In fact, some might argue that we need time management and productivity skills today even more than in the Colonial Era. Modern day tools like cell phones and laptops are both a blessing and a curse. They enable us to get more work done. But, they also cause distractions while we are churning out all that work.
I wonder if Benjamin Franklin knew that people would still read his words over 225 years after his passing?
Here are few Benjamin Franklin quotes about productivity
“Well done is better than well said.”
Have you ever been in a meeting—a really long meeting—and wondered when you’d be able to get back to work?
I often lament the time that I lose in meetings, on conference calls, and in talking about accomplishing my goals rather than going out there and achieving them.
Meetings, whether in person, online, or by phone call, are essential. They ensure that your whole team understands goals and directives, has planned for success and allows them to give feedback and suggestions. However, make sure that meetings are effective. Here are a few pointers:
Plan an agenda—and stick to it!
Share the agenda and key points with the team. This allows them to pay attention and take only brief notes.
Set a time and start on time. Latecomers will just have to catch up!
End on schedule.
Allow questions that are relevant to the team. Let team members know to email you with specific questions that relate to their own personal responsibilities. This keeps those not involved more productive.
Setting some meeting rules will get your team back to “doing” rather than “talking.”
Takeaway: Cut out talking time and increase time spent on productive work. You’ll accomplish your goals faster.
“Employ your time well, if you mean to get leisure.”
Do you ever feel like you’re working all the time? You probably are! It appears that Benjamin Franklin advises us that sometimes we need to buckle down, ignore distractions, and get that workload done in order to free up spare time to enjoy.
As a freelancer and solopreneur, I love this advice. It’s often easy to work from sunup to sundown and feel like I’ve accomplished nothing. I’ve learned to curb a few distractions after reading some valuable advice about dealing with technological interruptions.
For two hours each day, I write without allowing interruption. This is when I can really get a lot of my drafts shaped. During the 90-minute timeframe, I do the following:
- Turn off the phone. Literally. I don’t set it to vibrate, I turn it off.
- Don’t check emails.
- Ignore social media alerts.
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I used to have anxiety that I’d miss something important. Oddly, it’s rare that I do. I have carved myself out an extra 90 minutes daily of productive writing time just by shutting out the rings and alerts that distract me the rest of the day. I’ve grown to love that time and find it liberating to disconnect from the rest of the world and get my work done quicker so I can enjoy time off.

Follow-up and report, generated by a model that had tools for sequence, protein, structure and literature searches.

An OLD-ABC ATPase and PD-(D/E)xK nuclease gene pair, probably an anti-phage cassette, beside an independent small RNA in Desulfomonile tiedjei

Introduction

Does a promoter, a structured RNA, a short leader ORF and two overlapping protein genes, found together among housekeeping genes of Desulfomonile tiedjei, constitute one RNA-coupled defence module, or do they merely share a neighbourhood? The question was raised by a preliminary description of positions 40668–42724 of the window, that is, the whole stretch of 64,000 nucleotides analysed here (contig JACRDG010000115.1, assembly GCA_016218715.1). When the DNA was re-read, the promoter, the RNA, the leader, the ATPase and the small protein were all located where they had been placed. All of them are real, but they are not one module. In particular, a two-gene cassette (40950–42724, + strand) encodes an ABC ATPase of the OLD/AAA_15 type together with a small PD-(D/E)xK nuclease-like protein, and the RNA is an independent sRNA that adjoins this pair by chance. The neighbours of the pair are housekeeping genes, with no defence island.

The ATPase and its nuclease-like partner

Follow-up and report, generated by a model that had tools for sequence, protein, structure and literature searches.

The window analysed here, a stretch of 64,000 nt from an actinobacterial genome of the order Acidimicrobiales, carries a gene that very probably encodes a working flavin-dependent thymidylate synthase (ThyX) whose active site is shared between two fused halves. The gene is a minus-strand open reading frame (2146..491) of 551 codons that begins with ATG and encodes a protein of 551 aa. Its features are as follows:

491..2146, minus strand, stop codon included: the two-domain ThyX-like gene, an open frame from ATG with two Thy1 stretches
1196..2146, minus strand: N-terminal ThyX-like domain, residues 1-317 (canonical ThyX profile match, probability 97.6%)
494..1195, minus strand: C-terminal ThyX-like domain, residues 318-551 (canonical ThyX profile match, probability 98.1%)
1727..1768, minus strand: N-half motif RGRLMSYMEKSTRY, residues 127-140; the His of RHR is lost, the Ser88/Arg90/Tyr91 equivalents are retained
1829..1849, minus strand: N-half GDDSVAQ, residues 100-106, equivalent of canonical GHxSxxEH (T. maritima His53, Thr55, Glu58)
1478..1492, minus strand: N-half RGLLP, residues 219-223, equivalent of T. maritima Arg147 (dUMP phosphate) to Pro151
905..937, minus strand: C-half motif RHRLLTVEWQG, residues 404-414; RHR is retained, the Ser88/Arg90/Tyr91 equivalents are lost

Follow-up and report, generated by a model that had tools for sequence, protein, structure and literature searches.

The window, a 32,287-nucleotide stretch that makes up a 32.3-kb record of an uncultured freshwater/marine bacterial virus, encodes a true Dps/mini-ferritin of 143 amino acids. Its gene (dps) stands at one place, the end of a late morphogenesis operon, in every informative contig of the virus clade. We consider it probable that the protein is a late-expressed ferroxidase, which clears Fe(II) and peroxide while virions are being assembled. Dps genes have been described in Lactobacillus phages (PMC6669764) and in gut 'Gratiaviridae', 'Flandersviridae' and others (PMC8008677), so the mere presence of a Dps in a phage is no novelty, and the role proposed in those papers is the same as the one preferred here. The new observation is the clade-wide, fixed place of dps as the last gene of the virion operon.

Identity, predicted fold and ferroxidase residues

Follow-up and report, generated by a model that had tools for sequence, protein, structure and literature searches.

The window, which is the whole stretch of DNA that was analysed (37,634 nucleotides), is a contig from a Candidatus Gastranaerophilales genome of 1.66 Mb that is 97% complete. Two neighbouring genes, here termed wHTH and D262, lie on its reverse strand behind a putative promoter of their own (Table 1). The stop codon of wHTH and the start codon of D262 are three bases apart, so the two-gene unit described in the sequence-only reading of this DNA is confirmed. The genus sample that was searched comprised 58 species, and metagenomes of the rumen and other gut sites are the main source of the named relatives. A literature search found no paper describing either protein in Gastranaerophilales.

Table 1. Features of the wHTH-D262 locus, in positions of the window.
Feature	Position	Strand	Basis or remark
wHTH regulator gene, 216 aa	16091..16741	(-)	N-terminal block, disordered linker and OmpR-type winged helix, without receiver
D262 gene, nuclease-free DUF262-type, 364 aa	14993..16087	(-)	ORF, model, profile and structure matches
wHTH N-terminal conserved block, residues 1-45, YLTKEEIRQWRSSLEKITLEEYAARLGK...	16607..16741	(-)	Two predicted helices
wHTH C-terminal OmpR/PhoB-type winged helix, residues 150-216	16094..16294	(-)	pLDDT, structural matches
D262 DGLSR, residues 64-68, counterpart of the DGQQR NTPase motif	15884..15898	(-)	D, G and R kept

Takeaway: Plan distraction-free time so you can complete your work. This will help you achieve a work-life balance.
“You may delay, but time will not.”
Even when we procrastinate, time marches on. It seems like every time that I put off one of my least favorite tasks—like calculating my tax bills—they creep up on me. Inevitably, I am left scrambling at the last moment trying to finish the job at hand.
Benjamin Franklin was reputed to be a man who carefully planned his workload and appointments. He believed that tackling a job early was a key to consistently completing work on time. That’s pretty smart advice!
Takeaway: Quit procrastinating! Those undesirable tasks won’t go away.
“Drive your business or it will drive thee.”
Benjamin Franklin was a savvy businessman. As previously mentioned, he planned well and believed that planning was the very key to that great success.
By trade, Benjamin Franklin was a printer. While he was also a statesman and inventor, the printing trade was the career which earned him a robust income. He was successful in every aspect of his business—securing contracts, keeping the books, and press operations. He set his business up to succeed by being proactive rather than reactive in his business dealings.
But he also gained respect by the very way in which he ran his business and lived his life. If he gave a man his word, he kept it. And, if he set an appointment, he was punctual. People knew that he was a man with high standards who would always get the job done.
Takeaway: Be proactive in managing your business. Identify weaknesses and improve upon them before they become weak links.
Benjamin Franklin issued wise advice. It has withstood over two centuries of time and still remains relevant today. He was a visionary and his contributions to the American lifestyle live on today. Why not take advice from such a sage scholar and businessman?
Author Bio: Deborah Tayloe is a freelance writer & regular contributor to EmailMeForm. She holds a bachelor’s degree in English from Edinboro University of Pennsylvania. The PA native currently resides in rural Bertie County, NC.